Title: Chasing Secrets
Author: Gennifer Choldenko
Publisher: Wendy Lambe Books (Penguin Random House)
Release Date: August 4, 2015
Newbery Honor–winning author Gennifer Choldenko deftly combines humor, tragedy, fascinating historical detail, and a medical mystery in this exuberant new novel.
San Francisco, 1900. The Gilded Age. A fantastic time to be alive for lots of people . . . but not thirteen-year-old Lizzie Kennedy, stuck at Miss Barstow’s snobby school for girls. Lizzie’s secret passion is science, an unsuitable subject for finishing-school girls. Lizzie lives to go on house calls with her physician father. On those visits to his patients, she discovers a hidden dark side of the city—a side that’s full of secrets, rats, and rumors of the plague.
The newspapers, her powerful uncle, and her beloved papa all deny that the plague has reached San Francisco. So why is the heart of the city under quarantine? Why are angry mobs trying to burn Chinatown to the ground? Why is Noah, the Chinese cook’s son, suddenly making Lizzie question everything she has known to be true? Ignoring the rules of race and class, Lizzie and Noah must put the pieces together in a heart-stopping race to save the people they love.
One of the best things about writing for kids is I get to read books I love to read and that fascinate my characters. I picked up a nonfiction book about rats partly for Jimmy Mattaman from the Al Capone books and partly because I’m partial to quirky facts. While reading Rats: Observations on the History and Habitat of the City’s Most Unwanted Inhabitants, I discovered there was a plague outbreak in San Francisco in 1900. I’ve lived in the San Francisco Bay area most of my adult life, and I’d never heard of a plague outbreak here, so I immediately became interested.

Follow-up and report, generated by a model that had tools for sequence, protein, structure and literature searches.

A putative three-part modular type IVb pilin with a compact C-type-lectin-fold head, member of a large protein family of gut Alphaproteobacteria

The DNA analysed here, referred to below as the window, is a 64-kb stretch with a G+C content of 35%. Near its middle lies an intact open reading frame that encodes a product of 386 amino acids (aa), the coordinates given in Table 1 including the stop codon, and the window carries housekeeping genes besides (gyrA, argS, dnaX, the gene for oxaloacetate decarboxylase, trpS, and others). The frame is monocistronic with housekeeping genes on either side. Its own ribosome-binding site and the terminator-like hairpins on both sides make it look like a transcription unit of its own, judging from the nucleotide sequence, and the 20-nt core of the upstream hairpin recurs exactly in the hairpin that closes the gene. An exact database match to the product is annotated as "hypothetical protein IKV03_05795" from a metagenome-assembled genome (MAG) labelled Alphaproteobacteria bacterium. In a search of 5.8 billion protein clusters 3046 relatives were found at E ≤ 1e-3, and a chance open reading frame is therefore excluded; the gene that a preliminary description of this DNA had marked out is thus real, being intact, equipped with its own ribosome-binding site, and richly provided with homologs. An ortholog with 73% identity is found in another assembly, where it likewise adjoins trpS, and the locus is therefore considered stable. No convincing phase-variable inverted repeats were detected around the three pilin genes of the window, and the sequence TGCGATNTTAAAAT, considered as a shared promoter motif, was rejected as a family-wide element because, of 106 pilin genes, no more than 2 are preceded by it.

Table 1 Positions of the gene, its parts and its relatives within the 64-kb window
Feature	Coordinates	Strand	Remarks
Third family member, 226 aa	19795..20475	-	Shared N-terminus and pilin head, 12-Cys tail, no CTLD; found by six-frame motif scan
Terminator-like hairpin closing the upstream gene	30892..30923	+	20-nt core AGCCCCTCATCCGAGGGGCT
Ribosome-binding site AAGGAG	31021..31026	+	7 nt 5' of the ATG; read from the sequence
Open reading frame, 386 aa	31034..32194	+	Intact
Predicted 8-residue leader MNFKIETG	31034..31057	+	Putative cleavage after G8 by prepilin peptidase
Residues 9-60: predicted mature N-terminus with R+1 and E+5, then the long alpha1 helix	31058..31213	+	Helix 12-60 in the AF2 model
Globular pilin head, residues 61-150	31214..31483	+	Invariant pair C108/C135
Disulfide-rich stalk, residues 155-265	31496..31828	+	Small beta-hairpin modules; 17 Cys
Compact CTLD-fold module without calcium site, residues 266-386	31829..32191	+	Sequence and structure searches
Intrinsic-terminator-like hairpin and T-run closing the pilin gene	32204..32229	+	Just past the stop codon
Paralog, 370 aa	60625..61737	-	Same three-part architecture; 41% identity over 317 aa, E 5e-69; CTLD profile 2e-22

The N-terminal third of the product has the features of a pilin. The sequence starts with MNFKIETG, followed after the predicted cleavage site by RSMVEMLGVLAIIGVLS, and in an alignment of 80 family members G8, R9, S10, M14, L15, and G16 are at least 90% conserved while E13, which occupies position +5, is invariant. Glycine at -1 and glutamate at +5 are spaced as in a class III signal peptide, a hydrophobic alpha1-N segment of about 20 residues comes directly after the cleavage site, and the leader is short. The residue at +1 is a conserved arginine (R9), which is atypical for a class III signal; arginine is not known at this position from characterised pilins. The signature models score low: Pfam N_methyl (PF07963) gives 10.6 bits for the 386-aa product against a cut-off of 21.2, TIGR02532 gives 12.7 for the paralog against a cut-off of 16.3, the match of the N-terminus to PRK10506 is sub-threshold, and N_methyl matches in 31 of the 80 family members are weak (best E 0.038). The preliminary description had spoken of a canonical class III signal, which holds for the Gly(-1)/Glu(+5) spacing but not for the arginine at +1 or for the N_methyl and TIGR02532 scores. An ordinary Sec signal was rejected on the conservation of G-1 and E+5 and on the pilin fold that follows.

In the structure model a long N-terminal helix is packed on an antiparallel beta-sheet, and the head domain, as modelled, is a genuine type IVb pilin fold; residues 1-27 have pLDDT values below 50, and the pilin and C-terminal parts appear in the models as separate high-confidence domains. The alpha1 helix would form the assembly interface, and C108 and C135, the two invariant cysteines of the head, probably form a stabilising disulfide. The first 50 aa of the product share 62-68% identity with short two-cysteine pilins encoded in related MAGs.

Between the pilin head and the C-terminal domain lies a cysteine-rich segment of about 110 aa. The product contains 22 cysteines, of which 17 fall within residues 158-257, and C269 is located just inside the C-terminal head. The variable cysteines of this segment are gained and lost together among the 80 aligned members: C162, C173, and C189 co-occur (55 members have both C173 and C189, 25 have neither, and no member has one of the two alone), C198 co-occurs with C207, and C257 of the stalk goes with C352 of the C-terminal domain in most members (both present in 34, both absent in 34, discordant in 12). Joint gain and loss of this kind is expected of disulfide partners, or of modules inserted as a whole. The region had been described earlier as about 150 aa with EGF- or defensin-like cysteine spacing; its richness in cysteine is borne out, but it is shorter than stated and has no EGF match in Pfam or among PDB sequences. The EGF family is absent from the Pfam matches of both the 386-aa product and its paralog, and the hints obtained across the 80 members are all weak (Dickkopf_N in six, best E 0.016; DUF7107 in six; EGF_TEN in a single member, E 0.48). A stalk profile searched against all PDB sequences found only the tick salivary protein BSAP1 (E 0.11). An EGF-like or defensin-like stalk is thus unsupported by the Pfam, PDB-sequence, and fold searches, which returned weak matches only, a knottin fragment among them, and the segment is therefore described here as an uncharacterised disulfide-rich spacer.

That night, I began my initial research. But the more I found out about the plague in San Francisco, the more terrified I became. Each source contradicted the previous one and I had no idea what to believe. Then, too, the medical aspects intimidated me. I’m not a doctor, and I’m certainly not a medical historian. How would I know what was true?
Soon my fears got the better of me and I put the project on hold.
A year or two later, I happened to be in the San Francisco History Center fact-checking Al Capone Does My Homework when I came upon The Barbary Plague by Marilyn Chase. Marilyn Chase is a reporter who covers health care and medicine for the Wall Street Journal. She had the research chops to cull the truth out of what seemed to me to be one unreliable source after another. With The Barbary Plague as my higher authority, I dug in.
The first order of business was to research the plague. One issue that made my research so difficult was the conspiracy that existed to keep facts of the outbreak out of the press. Even without that, though, newspaper articles in 1900 were notoriously unreliable. The most interesting parts of the newspapers were the ads, the editorials, and the columns. These helped me understand the zeitgeist of the times. And frankly, some of what I read broke my heart. The anti-Chinese sentiment, the cruelty, and the patronization made me absolutely insane. Of course I knew the Chinese were treated terribly in 1900, but it’s one thing to know it and another thing to read about it up close and personal. This was especially heartbreaking as my daughter is Chinese, so I take anti-Asian bigotry very personally.